07 November 2010

Ensemble Zellig

This afternoon I went to Ensemble Zellig’s west coast debut over at Hertz Hall in Berkeley. They are a French chamber ensemble specializing in new music (the oldest piece they played this afternoon was from 1993 and most were brand-spanking new). The group was founded in 1999 by two performers (Silvia Lenzi and Etienne Lamaison) and two composers (Thierry Pecou and Gualtiero Dazzi), and describes itself as “flexibly sized” and “fully at ease traveling through time and musical styles” – hence the eponymous use of Woody Allen’s Zelig, though the extra “l” is unexplained.

Etienne Lamaison was there, playing clarinet and bass clarinet, and so was Silvia Lenzi on cello. They were joined by Anne-Cecile Cuniot on flute and alto flute and Jonas Vitaud on piano. All were stylishly attired in black and red (of a deep brick shade). Cuniot’s dress had a chic rising-sun motif, which only added to the Japanese impression of the first number, Philippe Hersant’s Five Miniatures (1995), a solo piece for alto flute (but then solo flute music in its plangent and reedy way always reminds me of the artier Japanese films). When she left the stage the other three came out for the second piece, Don Freund’s Crunch Time (2010), which formed a nice contrast with its percussive, well, crunching, though touched with moments both jazzy and wistful.

Then we had Philippe Leroux’s PPP (1993) for flute and piano, which was more entertainingly muscular than flute/piano duos often are. That was followed by a different duo, one for clarinet and cello, Change and End (2010) by Gerald Shapiro (who was in attendance, as was Edmund Campion). There was a touching timeless quality about the piece – if you came to it with no context, it might be hard to say whether it was contemporary with us or with the French impressionists. It seemed both bucolic and elegiac (the composer’s program note mentioned that he wrote the piece while his 93-year-old mother was dying, and the piece is dedicated to her). I could see it being used for dance, the way baroque music always has underlying dance rhythms.

Next up was another collection of miniatures by Philippe Hersant, his Six Bagatelles (2007, 2010) in a new transcription for clarinet, cello, and piano. I particularly liked the second bagatelle (which I may or may not be remembering correctly as dreamy) and the fifth, which reminded me of Prokofiev’s sarcastic style. The final piece, and the first which brought all four performers on stage together, was Edmund Campion’s Auditory Fiction (2010), for flute, clarinet, piano, cello, and computer. The performers all wore earpieces connected to the computer so they could follow “in-ear click-tracks which coordinate four independent, flexible, shifting sequences of time. Each instrument in Auditory Fiction can act independently in time or join together with the quartet in perfect sync.” I’m quoting Campion’s program note, partly because I’m not quite clear what this means: does the click-track simply function as an invisible mechanical conductor? Or does it shift things around so that something different happens in each performance? The music had a very bright, clear sound, and at the beginning it reminded me of a round, where they start off together and then go off in their own directions. I was in my preferred spot in the first row, but for this piece I might have preferred being a bit further back.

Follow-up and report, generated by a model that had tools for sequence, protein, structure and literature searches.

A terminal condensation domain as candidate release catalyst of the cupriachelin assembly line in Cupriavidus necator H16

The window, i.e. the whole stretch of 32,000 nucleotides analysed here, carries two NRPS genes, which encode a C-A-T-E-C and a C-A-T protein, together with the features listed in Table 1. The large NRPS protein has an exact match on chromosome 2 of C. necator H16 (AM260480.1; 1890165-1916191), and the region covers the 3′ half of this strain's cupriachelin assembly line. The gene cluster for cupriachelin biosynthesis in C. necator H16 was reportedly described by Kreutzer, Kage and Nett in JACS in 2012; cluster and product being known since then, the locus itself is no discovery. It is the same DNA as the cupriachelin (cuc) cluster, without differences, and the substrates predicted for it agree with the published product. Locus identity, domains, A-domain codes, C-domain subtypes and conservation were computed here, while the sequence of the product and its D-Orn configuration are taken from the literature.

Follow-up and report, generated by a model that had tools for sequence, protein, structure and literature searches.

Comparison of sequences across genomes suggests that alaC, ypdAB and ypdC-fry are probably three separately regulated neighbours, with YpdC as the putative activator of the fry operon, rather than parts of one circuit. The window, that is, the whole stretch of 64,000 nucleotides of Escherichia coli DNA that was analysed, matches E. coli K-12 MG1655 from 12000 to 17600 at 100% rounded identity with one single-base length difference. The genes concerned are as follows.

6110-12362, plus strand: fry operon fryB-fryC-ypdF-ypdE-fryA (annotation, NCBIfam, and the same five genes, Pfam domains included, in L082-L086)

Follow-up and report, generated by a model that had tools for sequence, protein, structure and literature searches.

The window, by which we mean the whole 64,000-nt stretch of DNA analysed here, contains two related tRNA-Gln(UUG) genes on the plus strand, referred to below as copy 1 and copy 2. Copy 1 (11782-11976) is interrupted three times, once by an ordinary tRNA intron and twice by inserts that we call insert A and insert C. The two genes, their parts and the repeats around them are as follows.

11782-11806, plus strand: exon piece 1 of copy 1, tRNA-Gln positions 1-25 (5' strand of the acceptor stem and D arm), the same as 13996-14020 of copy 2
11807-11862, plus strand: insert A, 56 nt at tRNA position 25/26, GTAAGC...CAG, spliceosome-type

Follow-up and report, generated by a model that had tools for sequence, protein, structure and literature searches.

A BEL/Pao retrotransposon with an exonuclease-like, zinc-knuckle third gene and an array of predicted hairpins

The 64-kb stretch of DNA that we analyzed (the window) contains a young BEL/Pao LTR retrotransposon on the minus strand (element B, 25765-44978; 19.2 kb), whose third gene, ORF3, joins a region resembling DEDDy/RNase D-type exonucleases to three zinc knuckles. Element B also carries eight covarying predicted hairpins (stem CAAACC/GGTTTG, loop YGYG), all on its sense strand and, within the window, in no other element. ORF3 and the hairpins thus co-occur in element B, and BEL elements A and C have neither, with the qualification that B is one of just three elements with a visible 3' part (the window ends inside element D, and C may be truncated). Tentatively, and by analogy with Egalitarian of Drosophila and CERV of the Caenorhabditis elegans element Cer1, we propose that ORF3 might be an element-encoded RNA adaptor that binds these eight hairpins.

These were all fairly brief, even intimate pieces (I don’t think any of them was over fifteen minutes) and the selection was both coherent and varied. I would happily have heard any or all of them over again. The performers were fabulously committed and keen. The set-up was perfect: about 90 minutes, no intermission, brief and efficient set-ups between each piece, and no talking at us, just music. Sweet, thank you!

Campion, who is a professor at Cal, had given a talk beforehand, but I didn’t go since I didn’t know about it (though I might not have gone anyway; I find such talks either vague and full of stuff I already know or could guess, or so technical that they’re distracting and don’t help my experience as a listener). I hadn’t received the subscriber e-mail about the concert because I decided to go at the last minute. “The last minute” for me is two days beforehand. There was a fair-sized audience (including Lisa), but there were plenty of seats available, and though I was delighted to be able to sit with no one around me, I recognize that the performers and presenters would probably prefer a full house.

I ended up being glad I had bought a ticket in advance, because when I woke up this morning it was raining heavily and out of the blue (the vanished blue) I had a splitting headache. Both cleared up enough so that I ventured forth, but if I hadn’t already paid for a seat I might have just bagged it and stayed home and missed out on a terrific ensemble and an exceptionally entertaining and well-run concert. I hope Ensemble Zellig will be regular visitors.

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